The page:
DEIB Strategies  

“Yes, being nice is better than being mean, but it’s not dismantling racism; it’s not kindness, which is a form of compassion and will lead to creating action to support Black colleagues.” Lauren Castle, Alive With Ideas 

Becoming an anti-racist organization requires thoughtful DEIB strategies and everyone’s commitment and actions to truly be infused throughout the entire employee lifecycle. When you design accessible career sites and host accessible, inclusive meetings as well as consider the needs of neurodivergent workers, everyone benefits. 

Inclusive Language  

How organizations use language can deeply impact how we view race, gender and cultures. It takes conscious and continued effort to communicate in a way that is free of bias. Brilliant Ink is here to guide you with the principles to keep in mind as you write inclusive employee communication. Mental health language is an important consideration in building inclusive workplaces. 

Download Our DEI Style Guide for Inclusive Communications
Pay Equity and Transparency   

CNBC reported in January 2023 that “roughly 1 in 4 U.S. workers now live in a place where employers are required to share pay ranges by law.” According to The New York Times, “Pay transparency laws are ‘very good’ at reducing wage disparities.” 

This is truly a step in the right direction for pay equity and closing the gender and racial pay gap. Salary transparency is no longer a taboo topic, and organizations should carefully examine their models and reporting.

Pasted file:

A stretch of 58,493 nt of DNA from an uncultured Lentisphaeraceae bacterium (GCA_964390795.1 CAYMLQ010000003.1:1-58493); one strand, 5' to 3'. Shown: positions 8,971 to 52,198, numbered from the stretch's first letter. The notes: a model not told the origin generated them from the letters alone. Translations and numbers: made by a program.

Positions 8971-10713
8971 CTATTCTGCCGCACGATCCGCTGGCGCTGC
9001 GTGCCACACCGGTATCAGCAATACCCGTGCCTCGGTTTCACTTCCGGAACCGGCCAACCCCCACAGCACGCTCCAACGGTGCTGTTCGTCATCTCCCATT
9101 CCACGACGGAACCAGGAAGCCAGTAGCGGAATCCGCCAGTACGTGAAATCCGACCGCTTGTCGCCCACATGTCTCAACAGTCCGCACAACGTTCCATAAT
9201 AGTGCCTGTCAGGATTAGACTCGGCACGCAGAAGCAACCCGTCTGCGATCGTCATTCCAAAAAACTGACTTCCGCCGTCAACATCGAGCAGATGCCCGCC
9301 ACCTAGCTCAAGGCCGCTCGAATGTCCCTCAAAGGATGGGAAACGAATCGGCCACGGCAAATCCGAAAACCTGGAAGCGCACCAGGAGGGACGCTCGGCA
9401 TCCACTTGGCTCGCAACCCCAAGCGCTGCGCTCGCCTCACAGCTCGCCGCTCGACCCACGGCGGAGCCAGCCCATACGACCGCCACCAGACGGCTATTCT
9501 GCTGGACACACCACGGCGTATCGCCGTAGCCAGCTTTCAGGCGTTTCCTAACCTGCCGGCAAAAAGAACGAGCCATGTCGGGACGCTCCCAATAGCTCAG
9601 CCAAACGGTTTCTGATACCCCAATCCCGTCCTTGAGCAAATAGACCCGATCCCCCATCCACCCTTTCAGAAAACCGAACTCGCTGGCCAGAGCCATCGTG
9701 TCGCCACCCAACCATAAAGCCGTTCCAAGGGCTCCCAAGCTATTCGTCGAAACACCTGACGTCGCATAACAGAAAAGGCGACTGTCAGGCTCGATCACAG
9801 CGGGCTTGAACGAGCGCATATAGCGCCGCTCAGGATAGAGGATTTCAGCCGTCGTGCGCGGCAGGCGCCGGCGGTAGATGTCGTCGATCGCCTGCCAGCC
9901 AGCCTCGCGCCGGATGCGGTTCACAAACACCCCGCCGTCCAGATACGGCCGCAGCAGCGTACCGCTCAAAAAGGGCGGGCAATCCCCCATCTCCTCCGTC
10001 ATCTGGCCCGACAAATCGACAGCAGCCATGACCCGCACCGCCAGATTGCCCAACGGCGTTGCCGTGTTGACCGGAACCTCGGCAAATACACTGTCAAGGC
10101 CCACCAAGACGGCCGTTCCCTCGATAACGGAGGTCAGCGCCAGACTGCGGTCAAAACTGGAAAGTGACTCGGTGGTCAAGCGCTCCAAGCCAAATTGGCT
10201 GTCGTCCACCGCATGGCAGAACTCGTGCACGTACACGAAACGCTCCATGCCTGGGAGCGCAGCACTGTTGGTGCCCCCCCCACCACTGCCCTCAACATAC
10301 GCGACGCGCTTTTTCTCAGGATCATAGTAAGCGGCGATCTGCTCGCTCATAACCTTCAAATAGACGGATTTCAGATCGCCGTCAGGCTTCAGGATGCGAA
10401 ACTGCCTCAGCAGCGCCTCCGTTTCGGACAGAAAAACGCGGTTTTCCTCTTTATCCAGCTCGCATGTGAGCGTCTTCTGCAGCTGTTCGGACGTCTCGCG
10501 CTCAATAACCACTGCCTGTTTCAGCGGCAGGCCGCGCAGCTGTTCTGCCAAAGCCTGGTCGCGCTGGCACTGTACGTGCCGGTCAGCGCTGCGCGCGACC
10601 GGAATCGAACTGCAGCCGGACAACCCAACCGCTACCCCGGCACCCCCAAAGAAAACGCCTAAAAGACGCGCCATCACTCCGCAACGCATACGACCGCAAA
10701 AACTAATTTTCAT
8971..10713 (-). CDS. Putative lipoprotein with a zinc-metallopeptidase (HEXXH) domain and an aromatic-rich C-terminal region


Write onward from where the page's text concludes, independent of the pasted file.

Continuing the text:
Clear Career Paths, Competencies and Promotion Processes  

Beyond government requirements to disclose pay, many forward-thinking companies are taking a more transparent approach to compensation and employee development. Organizations are recognizing that today’s employees want to better understand how their compensation is determined and seek clear career paths and promotion processes.

Brilliant Ink recently underwent a complete overhaul of its pay and title structure to create greater equity and gleaned insights that can be helpful for organizations of all sizes. You can read more about Brilliant Ink's open salary model and key learnings

Employee Appreciation  

Show employees appreciation and gratitude on a regular basis. Start by asking employees what type of appreciation is most valuable to them.

Be cautious when sending food as employee appreciation gifts. Be mindful to include employees with special dietary needs, such as food allergies, gluten-free, vegan and diabetes. No employee will appreciate receiving a gift they can’t eat or enjoy! Gift cards may work better and allow for more flexibility. There are meaningful ways to recognize employees that fit any budget.